"I can’t really sing, but with painting, if I use certain symbols, I can express what I feel. It has lifted a burden off my shoulders. I feel really light right now and I can share this with others."
"I'm sure wives of other drug users will feel the same way. I also want their husbands to take methadone and spend money for their families. I hope that a methadone project will be right here as soon as possible."
"Currently we live at my mother's house. It's my wish to save money and build our own house."
"Before drugs, I was quite sociable and had a lot of friends. I could go where I wanted. After being a drug user, no one cares about me. People criticize everything I do because of drugs."
"All the things I have done come back to me in thoughts from time to time, but I have decided not to do bad things again. The message of my painting is to have sympathy for how I'm feeling."
"Now, I make brooms from coconut raffia for Metta’s center."
Interview 3: “I am not useless. I was used.”
"We human beings are curious and want to try new things. This is our instinct. So we try drugs and become dependent. But should we only blame people who are using drugs? Is it only their fault? Are not those who produce and spread drugs also responsible? That’s how I feel right now. If there were no drugs, there would be no drug users. Drugs are widespread, distributed and produced."
"Poppy fields don't run away. I don't know why they aren't destroyed yet. When it becomes heroin, it is easy to pass on and hide. We drug users are not criminals who need to be punished. We have not committed a crime. We are just damaged by heroin for someone else’s advantage."
"I used yellow, blue and white. White is for the graveyard. Yellow means gold and natural resources. Blue expresses mountains and hills. If you try to look farther, you will see more. If you are fixated on one thing, you will only see that thing. What I’m trying to see lies farther ahead in the future. I painted a group of drug users and a group of Metta staff."
"Others drug users might feel intimidated and reluctant to speak up because the community ostracizes them. People around them say things like, 'He’s useless. Being dead might be better for him.' I am not useless. I was used."
Interview 4: “Do not lose hope if you have what I have. There are medications. There are people there to help you.”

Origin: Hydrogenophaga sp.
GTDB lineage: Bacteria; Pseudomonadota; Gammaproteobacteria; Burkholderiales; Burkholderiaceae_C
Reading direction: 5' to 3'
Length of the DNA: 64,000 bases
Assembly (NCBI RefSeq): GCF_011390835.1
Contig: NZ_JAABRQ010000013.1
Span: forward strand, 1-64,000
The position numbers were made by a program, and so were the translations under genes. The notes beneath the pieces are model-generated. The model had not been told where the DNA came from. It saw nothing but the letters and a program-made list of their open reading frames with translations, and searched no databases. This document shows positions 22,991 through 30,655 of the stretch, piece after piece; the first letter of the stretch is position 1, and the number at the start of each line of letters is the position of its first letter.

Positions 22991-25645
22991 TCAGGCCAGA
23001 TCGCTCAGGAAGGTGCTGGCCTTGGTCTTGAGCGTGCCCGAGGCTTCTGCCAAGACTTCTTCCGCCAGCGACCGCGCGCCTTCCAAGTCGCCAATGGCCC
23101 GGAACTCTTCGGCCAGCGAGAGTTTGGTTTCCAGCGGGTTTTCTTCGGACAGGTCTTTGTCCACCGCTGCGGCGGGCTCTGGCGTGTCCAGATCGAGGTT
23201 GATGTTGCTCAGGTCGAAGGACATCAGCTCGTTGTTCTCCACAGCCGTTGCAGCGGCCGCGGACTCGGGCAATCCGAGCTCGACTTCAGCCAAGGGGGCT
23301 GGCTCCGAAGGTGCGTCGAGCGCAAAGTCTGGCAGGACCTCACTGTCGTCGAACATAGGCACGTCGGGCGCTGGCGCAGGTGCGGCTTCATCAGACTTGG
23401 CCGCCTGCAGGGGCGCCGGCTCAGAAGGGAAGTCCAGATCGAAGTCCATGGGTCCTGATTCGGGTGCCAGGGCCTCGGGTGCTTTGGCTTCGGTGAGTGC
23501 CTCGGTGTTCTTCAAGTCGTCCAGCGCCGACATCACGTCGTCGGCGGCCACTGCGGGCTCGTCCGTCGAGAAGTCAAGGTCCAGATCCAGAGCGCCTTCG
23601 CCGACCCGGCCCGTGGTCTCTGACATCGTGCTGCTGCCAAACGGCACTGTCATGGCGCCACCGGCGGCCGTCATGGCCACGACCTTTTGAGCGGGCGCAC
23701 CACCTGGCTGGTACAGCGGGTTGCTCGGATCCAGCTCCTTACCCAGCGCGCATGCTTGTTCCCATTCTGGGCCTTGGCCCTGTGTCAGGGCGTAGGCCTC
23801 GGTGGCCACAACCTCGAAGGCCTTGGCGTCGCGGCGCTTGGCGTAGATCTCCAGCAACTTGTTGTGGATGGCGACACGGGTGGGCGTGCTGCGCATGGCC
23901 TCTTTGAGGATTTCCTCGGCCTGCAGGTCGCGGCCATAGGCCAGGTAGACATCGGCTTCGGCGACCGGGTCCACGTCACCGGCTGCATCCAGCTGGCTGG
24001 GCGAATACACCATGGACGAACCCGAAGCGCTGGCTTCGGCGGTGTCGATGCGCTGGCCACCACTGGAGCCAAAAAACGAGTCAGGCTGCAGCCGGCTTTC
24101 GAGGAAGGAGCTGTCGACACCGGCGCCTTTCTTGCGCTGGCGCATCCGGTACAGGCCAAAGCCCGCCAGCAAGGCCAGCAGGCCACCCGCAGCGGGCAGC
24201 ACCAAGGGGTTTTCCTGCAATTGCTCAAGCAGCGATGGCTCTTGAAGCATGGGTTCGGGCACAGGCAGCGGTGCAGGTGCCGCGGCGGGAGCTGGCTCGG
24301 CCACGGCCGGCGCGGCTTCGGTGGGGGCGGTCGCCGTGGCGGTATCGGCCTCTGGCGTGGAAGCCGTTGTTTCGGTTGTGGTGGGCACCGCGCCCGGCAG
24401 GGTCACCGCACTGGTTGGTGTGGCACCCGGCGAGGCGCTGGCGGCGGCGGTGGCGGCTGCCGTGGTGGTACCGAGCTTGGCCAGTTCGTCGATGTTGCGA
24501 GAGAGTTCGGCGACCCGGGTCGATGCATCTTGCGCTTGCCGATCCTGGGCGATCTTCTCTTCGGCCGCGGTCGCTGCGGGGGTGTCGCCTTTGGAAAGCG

"This is my first time painting. I'm worried I can't explain what I’ve painted. My painting is a combination of blue and red. My husband used drugs and died because of HIV-related causes. I was sick and could not get up. So I went to a clinic and had a blood test. Then I was told that I have HIV. That's why I combine blue and red with the feeling of being a widow with five children who is taking Antiretroviral Therapy (ART) medication. I added white because there will be days of happiness when my children grow up, earn money and support my medications. The combination of green and yellow here conveys joy because my friends have not abandoned me."
"Do not lose hope if you have what I have. There are medications. There are people there to help you. You don't have to feel ashamed or afraid. My aim is to live long and happily with my children, taking ART medication. I hope for medication that will cure HIV/AIDS."
Interview 5: “For me, my painting is nothing more than expressing my true wish”
"I was quite worried that my hands would not be able to express what I had in mind. As a Metta staff member suggested, I tried mixing yellow with blue to get green since I wanted to paint a mountain range at first. I tried painting after mixing the colors and it was not quite what I wanted. Then, I had to process what I wanted in my mind again. The one that I just painted is about the cyclical nature of drug addiction. It’s about how we cannot escape."